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A novel approach to the quantitation of coeluting cantharidin and deuterium labelled cantharidin in blister beetles (Coleoptera: Meloidae)


Boland,  Wilhelm
Department of Bioorganic Chemistry, Prof. Dr. W. Boland, MPI for Chemical Ecology, Max Planck Society;

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Nikbakhtzadeh, M. R., Dettner, K., Boland, W., & Dötterl, S. (2007). A novel approach to the quantitation of coeluting cantharidin and deuterium labelled cantharidin in blister beetles (Coleoptera: Meloidae). Iranian Journal of Arthropod-Borne Diseases, 1(2), 19-26.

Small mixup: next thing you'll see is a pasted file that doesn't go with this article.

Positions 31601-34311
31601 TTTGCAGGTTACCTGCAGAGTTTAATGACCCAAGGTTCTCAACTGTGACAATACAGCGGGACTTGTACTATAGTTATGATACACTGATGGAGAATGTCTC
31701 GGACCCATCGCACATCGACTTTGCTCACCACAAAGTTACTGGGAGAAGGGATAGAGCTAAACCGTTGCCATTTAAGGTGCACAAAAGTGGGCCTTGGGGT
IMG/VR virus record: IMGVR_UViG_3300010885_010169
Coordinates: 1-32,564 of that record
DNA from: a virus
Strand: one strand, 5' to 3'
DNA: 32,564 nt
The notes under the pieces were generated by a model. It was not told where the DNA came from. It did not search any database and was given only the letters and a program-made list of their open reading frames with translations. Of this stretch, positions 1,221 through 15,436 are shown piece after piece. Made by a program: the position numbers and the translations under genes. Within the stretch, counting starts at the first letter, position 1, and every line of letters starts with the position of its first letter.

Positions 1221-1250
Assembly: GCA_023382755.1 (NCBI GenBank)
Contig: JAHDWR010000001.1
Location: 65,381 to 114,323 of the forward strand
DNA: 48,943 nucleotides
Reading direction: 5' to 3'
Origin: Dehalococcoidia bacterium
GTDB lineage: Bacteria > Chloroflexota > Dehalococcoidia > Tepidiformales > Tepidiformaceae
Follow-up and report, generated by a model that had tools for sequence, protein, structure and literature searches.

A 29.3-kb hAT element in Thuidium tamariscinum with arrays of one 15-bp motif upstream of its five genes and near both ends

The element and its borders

Blister beetles (Coleoptera: Meloidae) are the main natural source of cantharidin, but the compound titre is depended on several factors including, age, sex and mating status of the insects. In order to eliminate such uncertainty factors in physiological and chemical studies deuterium labelled cantharidin (D(2)C) with no natural abundance is normally introduced into the beetles' body to use it as a model for studying the cantharidin behaviour in vivo. Experiments were achieved on Mylabris quadripunctata (Col.: Meloidae) from Southern France and the beetles were exposed to an artificial diet containing a defined amount of D(2)C. On the other hand, because of the high similarity between the two compounds they cannot be well quantified by gas chromatography. In order to remove the burden, MRM technique was used for the first time which could successfully create well-defined cantharidin and D(2)C peaks and hence a precise measurement. MRM technique was examined using a GC-MS Varian Saturn which collected MS/MS data of more than one compound in the same time window of the chromatogram. It is especially useful when coeluting compounds have different parent ions, i.e. m/z 84 for D(2)C (coeluting isotopically-labelled compound) and m/z 82 for cantharidin (beetle-originated compound). Using the routine GC-MS runs, measurement accuracy may be significantly reduced because the D(2)C peak is covered by the cantharidin huge peak while MRM could reveal the two coincided peaks of cantharidin and D(2)C. Therefore MRM is hereby introduced as the method of choice to separate cantharidin from D(2)C with high sensitivity and thus provide a precise base of quantitation.